lhirsc2 | Oct 25, 2015 |
Freak the Mighty is a contemporary realistic fiction chapter book that has extremely realistic characters. I really liked the characters of Max and Kevin and the accurate portrayal of their disabilities. In my special education classes, we have learned to think of person before the disability. It is really easy to judge a person before getting to know them. For example, when Max first meets Kevin, he refers to him as the “little freak.” Once they get to know each other, Max appreciates how smart he is and how passionate he is. The author’s writing style was very conversational and easy to read. This made me feel very invested in Max and Kevin’s friendship. There were many times I felt like I was rooting for the Freak the Mighty duo on their quests like when they were getting away from the bullies, returning Loretta’s purse, and defeating Killer Kane. The main message of the story is to not judge a book by its cover. Once you take the time to get to know a person, you can be pleasantly surprised. ( )
  VictoriaStagg | Oct 22, 2015 |
Freak the Mighty is set in the past; Maxwell recalls the adventures and describes his story in great detail, as if he is telling it to an old friend. The author captivates the reader by including several details, making it feel as if they are actually there, conquering the world with Freak and Max. Max and Freak are both detailed characters; both are filled with a swarm of thoughts and daydreams, not to mention a complicated past. Rodman Philbrick portrayed the characters in such an incredible way. Readers will find themselves eager to delve into the crazy world of Kevin and Max; this story is beautiful as it easily attracts readers by the strange friendship of Freak the Mighty. Rodman Philbrick most definitely achieved his goal: to teach kids that not everyone has to be alike to be friends. Balancing and supporting each other, picking up for the things the other person lacks, that’s what true friendship is. ( )
  JenniferNavarrete | Oct 20, 2015 |
I liked this book the most because of the relationship between the two main characters. Independently both characters had trouble fitting in but together they balanced each other out. They learned to work as a team to do things. On page 35 Max says, “Now I’m running at a full gallop, weaving through the crowd, and I don’t even need to look back, all I have to do is follow the way Freak is kicking his feet, steering me.” Both characters need each other.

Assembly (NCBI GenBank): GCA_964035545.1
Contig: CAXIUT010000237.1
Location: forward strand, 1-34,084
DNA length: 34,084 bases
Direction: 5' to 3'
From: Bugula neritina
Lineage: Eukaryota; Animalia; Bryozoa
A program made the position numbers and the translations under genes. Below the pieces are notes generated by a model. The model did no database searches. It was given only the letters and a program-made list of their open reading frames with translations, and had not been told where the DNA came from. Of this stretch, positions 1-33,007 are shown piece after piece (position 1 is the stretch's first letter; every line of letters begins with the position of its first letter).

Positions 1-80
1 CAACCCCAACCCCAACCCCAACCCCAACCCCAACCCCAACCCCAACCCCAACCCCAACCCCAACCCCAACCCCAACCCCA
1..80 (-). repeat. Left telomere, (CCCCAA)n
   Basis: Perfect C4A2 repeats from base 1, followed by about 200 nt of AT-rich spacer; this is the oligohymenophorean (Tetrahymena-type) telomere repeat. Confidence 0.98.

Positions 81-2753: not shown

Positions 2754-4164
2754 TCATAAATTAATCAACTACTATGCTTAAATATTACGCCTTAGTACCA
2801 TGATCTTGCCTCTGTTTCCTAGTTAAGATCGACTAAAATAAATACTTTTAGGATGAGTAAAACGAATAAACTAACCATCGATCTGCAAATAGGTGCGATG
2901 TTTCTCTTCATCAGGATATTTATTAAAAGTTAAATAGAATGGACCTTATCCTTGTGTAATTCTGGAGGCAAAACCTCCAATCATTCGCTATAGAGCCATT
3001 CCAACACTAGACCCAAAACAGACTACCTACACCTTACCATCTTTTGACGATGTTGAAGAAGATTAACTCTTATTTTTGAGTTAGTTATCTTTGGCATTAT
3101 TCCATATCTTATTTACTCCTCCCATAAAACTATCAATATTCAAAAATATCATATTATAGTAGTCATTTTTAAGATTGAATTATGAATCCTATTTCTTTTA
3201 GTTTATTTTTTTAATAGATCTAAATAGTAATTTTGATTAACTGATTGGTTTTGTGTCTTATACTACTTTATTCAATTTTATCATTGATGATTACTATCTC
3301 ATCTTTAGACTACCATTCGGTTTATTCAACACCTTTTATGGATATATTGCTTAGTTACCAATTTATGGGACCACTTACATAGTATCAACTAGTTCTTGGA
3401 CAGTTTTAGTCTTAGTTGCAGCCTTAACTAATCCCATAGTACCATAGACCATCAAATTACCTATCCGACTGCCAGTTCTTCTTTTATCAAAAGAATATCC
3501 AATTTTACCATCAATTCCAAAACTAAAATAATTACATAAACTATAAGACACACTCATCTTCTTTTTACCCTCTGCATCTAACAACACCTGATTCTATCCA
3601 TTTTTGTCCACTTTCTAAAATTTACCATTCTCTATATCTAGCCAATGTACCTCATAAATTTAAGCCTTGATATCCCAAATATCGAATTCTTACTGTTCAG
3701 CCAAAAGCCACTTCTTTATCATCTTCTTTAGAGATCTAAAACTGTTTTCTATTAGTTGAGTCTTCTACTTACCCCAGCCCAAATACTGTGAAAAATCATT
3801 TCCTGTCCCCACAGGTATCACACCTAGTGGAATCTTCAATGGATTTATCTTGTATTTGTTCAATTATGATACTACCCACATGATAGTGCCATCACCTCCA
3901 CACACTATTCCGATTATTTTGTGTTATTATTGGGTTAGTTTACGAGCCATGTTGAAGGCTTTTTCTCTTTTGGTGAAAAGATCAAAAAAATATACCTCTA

I also liked this book because of the foreshadowing of the events with Max’s father. In the beginning of the book his father is said to be in prison for life but on page 70 Iggy says, “Life ain’t life, how many times I tell you that?” This intrigued me to continue reading to find out if his father would eventually show up and what he would do.
I think that the main idea for this story is friendship and teamwork. Even in the end of the story when Max is kidnaped, Kevin (aka “Freak”) comes to save him and they work together to escape. The book is an example of how important friendship is. ( )
  kmurph30 | Oct 11, 2015 |
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To the real Kevin, and the real Gwen, with love.
First words
I never had a brain until Freak came along and let me borrow his for a while, and that's the truth, the whole truth.
So out we go. It's a habit by now, Freak riding up high on my shoulders and using his little feet to steer me if I forget where we're going.
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Amazon.com Product Description (ISBN 0439286069, Paperback)

Two boys – a slow learner stuck in the body of a teenage giant and a tiny Einstein in leg braces – forge a unique friendship when they pair up to create one formidable human force. (Made into the film, The Mighty.) * \u201cA wonderful story of triumph over imperfection, shame, and loss.\u201d – School Library Journal, starred review \u201cCompelling…written with energy and…humor.\u201d – The Bulletin for the Center of Children\u2019s Books

(retrieved from Amazon Thu, 12 Mar 2015 18:13:18 -0400)

(see all 5 descriptions)

At the beginning of eighth grade, learning disabled Max and his new friend Freak, whose birth defect has affected his body but not his brilliant mind, find that when they combine forces they make a powerful team. An established writer of adult suspense makes a stunning entry into children's literature with this extraordinary novel about two boys--a slow learner too large for his age, and a tiny, crippled genius--who pair up to create on formidable human force.… (more)

(summary from another edition)